Bi-Weekly Mortgage Payments

Who would of thought that making smaller more frequent payments could save you so much money? Fortunately we were turned on to bi-weekly mortgage payments almost immediately after closing on our home and have been hooked ever since.

Here’s how it works:

Traditionally most home owners pay their mortgage once per month. We will use an example of $1200/month.

Twelve full payments per year comes to a total of $14,400.

Instead of paying $1200 once a month (12 full payments), if you pay $600 every two weeks (bi-weekly) you are making 26 half payments.

26 divided by two equals 13 full payments ($15,600). At the end of the year you’ve made an entire extra mortgage payment ($1200) to go directly to the principal on your loan. You should definitely specify to whoever you pay your mortgage that you want it to go towards principal!

Just by doing this my wife and I will cut our mortgage down from 30 years to 25.1 years. That’s 5 years worth of interest payments we no longer have to make! Depending on the cost of your home that can be tens of thousands of dollars in savings! Combine this payment method with additional principal each payment and before you know if you’ve cut your mortgage down to 20 years or less and are saving 100k in interest!

FYI- this payment method can be applied to anything you are making monthly payments on! Cars and credit cards especially!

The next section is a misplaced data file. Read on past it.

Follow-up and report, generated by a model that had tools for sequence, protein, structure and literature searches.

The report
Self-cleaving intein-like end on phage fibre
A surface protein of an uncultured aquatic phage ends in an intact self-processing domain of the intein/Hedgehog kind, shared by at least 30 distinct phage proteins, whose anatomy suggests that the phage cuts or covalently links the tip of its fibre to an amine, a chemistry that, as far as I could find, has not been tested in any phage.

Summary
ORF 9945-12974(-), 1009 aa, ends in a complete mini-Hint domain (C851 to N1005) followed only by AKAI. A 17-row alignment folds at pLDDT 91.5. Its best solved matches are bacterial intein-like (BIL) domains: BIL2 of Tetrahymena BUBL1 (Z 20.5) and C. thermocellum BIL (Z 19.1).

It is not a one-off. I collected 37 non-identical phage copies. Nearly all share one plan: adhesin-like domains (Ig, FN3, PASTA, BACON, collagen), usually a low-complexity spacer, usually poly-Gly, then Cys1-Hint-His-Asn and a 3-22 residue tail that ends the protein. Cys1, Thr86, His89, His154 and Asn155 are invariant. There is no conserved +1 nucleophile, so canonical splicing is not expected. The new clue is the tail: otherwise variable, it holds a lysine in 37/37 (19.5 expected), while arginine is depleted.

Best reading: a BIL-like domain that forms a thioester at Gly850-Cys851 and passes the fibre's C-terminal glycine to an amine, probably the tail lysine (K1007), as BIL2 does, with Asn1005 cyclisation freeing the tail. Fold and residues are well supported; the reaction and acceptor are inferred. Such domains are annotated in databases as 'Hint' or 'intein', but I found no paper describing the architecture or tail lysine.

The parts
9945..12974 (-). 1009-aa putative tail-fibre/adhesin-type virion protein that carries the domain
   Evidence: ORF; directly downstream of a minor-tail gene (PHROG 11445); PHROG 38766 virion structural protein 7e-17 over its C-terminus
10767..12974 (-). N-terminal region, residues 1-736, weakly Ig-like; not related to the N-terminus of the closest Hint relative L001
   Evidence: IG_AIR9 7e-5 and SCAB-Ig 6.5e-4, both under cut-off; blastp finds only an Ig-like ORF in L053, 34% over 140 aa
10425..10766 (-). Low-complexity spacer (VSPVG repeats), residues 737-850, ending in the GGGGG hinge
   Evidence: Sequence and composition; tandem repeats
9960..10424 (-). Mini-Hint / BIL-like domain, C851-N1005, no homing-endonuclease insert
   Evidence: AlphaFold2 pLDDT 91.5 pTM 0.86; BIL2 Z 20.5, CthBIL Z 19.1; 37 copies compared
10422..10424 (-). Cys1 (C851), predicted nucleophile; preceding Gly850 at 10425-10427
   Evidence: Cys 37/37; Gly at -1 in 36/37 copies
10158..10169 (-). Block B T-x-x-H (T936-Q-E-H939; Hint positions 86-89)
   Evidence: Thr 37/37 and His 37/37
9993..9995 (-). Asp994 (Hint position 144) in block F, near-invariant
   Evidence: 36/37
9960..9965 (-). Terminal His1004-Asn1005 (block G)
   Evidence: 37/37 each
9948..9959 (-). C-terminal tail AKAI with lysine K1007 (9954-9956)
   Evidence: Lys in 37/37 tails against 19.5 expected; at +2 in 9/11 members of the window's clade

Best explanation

Credit Cards- For Emergencies or Everything?

In the world of personal finance there appears to be two different mindsets when it comes to the use of credit cards. They’re either going to ruin your life with irreparable debt or they’ll reward you with hundreds of dollars worth of airline miles, cash back or points that can be redeemed for cool free stuff. I agree there are two sides to the coin but with good discipline, and a few simple rules, you can always have it land on heads.


#1. Never buy something with a credit card that you don’t already have the means to pay for.
(planning to pay the card off when you get your next paycheck doesn’t count.)

#2. Treat your credit card like it’s cash.
(meaning every time you swipe it money is draining from your checking account.)
-I know that years ago, before I had a credit card, it was very difficult for me to spend hard earned cash. I always preferred to keep it and watch it grow. Treat credit cards the same way. If you’re tight with your money then be tight with your credit card. If you’re willy nilly with your money then you probably shouldn’t have one in the first place.

#3. Never carry a balance from month to month or make minimum payments.
(sometimes I pay off my card the same day I use it.)

#4. Read the fine print.
(balance transfer fees, intro APR vs regular APR, stipulations redeeming points etc. etc.)
-Credit card companies want to pass out as many cards to as many people as possible hoping that eventually we will slip up and get stuck paying their fees. Normally, paying everything off a few times a month will eliminate your chances of being charged anything BUT there can be red tape when it comes to redeeming points. Also make sure you are aware of any annual fees to use the card. Know what you’re signing up for and planning on keeping it a while because ditching a card you don’t like after a year can ding your credit score.

#5. Shop around.
(there are LOTS of credit cards out there and they are all competing for your business/bank account.) is a great resource for comparing the most current credit card offers. They even put them into categories to help you find what you’re looking for more easily.